WHERE DOES THE ASPHALT GO?

The asphalt requirement for pavements can vary from less that 4% to over 7%

Why?

A paper by Ilan Ishai and Egons Tons (Proc. AAPT 42, 160 (1973)) provides the answer. They show that the role that asphalt plays is divided into three areas; Flow asphalt, Rugosity asphalt and Absorbed asphalt. Each of these parts are necessary and play a role in preparing a mix design that works well in the field.

Flow Asphalt. From that paper one can calculate that about 2.5% of the asphalt is needed to glue the rocks together. This is the asphalt that flows as pavements stress relax.

Rugosity Asphalt. This asphalt is that which fills in the irregularities in the aggregate surfaces or Macro-Surface Voids. This can be quite variable resulting in the VMA being a questionable mix design parameter. The film thickness calculation includes both the flow and rugosity asphalt.

Absorption Asphalt. Generally the asphalt is absorbed quickly into what are called the Micro-Surface Voids, but not always. It may take considerable time. I was working with one aggregate for which absorption took considerable time. The Marshall mix design system was in use at that time which has no oven conditioning prior to compaction. The result was that the mix was designed with part of the flow asphalt actually becoming absorbed asphalt after a time. As a result the pavement initially looked good but would end up looking dry and cracking in less than a year. It was found that by allowing the mix to condition for one hour at 135° C prior to compaction, 90% of the absorption would take place.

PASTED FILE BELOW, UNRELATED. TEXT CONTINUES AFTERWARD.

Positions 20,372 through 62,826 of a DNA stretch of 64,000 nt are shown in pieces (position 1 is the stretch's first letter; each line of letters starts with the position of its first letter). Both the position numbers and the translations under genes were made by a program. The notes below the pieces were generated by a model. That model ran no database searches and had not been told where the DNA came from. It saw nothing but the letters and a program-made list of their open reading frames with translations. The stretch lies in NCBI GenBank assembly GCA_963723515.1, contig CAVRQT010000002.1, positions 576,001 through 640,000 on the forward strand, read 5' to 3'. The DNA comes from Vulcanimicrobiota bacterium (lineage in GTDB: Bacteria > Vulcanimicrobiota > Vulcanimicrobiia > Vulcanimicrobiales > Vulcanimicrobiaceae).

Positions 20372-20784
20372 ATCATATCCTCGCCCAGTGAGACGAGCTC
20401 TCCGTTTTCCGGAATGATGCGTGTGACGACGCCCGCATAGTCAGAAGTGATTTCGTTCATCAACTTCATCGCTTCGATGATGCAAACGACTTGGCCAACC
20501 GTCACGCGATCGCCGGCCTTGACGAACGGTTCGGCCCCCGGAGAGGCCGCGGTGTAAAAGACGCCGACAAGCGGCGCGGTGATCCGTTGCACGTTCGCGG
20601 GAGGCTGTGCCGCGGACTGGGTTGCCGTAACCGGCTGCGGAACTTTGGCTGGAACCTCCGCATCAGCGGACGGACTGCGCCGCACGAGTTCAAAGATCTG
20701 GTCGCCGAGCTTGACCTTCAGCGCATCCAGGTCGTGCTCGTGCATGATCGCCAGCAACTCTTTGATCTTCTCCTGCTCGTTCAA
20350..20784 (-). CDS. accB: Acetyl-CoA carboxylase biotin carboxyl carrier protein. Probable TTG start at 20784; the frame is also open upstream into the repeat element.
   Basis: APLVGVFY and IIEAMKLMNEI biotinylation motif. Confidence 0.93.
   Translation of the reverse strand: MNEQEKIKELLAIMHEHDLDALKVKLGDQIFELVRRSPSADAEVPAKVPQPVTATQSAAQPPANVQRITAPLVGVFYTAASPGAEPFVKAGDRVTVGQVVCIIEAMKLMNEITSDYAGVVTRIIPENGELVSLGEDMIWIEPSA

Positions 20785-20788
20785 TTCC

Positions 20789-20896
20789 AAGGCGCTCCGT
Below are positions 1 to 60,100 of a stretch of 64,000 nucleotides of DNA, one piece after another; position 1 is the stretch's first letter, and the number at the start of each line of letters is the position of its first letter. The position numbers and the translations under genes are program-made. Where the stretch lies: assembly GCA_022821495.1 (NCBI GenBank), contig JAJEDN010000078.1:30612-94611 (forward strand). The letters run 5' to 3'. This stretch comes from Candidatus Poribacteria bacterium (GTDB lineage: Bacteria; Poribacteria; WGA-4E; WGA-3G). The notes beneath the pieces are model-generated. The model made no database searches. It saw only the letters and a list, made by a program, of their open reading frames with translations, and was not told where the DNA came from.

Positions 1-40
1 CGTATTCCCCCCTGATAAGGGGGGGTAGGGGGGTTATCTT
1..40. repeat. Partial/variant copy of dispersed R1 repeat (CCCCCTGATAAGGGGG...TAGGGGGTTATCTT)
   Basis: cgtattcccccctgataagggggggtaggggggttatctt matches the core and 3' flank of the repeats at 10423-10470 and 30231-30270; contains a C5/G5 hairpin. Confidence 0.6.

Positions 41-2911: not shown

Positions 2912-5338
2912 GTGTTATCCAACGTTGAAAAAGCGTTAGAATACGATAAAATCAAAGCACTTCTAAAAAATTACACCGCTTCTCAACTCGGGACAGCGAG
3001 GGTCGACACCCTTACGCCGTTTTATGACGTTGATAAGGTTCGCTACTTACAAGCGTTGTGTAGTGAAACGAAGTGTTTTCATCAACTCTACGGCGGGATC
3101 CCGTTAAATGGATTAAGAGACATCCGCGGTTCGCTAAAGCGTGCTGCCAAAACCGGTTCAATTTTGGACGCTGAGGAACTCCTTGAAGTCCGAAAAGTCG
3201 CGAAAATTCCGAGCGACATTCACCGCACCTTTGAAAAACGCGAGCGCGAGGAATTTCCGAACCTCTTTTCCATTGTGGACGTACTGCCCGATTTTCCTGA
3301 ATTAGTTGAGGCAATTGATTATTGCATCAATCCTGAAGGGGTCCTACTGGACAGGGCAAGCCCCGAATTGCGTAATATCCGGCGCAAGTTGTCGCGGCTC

In the same location there was another aggregate that had virtually no asphalt absorption, and might require only about 3.8% asphalt in the mix. On one project the project engineer thought the porous aggregate was to be used however in fact, the non-porous aggregate was actually being used and required less than 4% asphalt. The engineer insisted that the mix have over 7% asphalt rather than the 3+% less which would have been correct for the aggregate being used. It turned out to be quite a mess.

On one other occasion in the same location at an airport, the specification required 4.5% asphalt but the mix design called for only about 3.8%. However the consulting engineer would not budge. The contractor said that if Airport wished, they would add some of the highly porous aggregate, which was inferior, to increase the absorption. The final decision was to go with the lower % asphalt in spite of the consultant’s opinion.

Robert L. Dunning, chemistdunning@gmail.com, www.petroelumsciences.com

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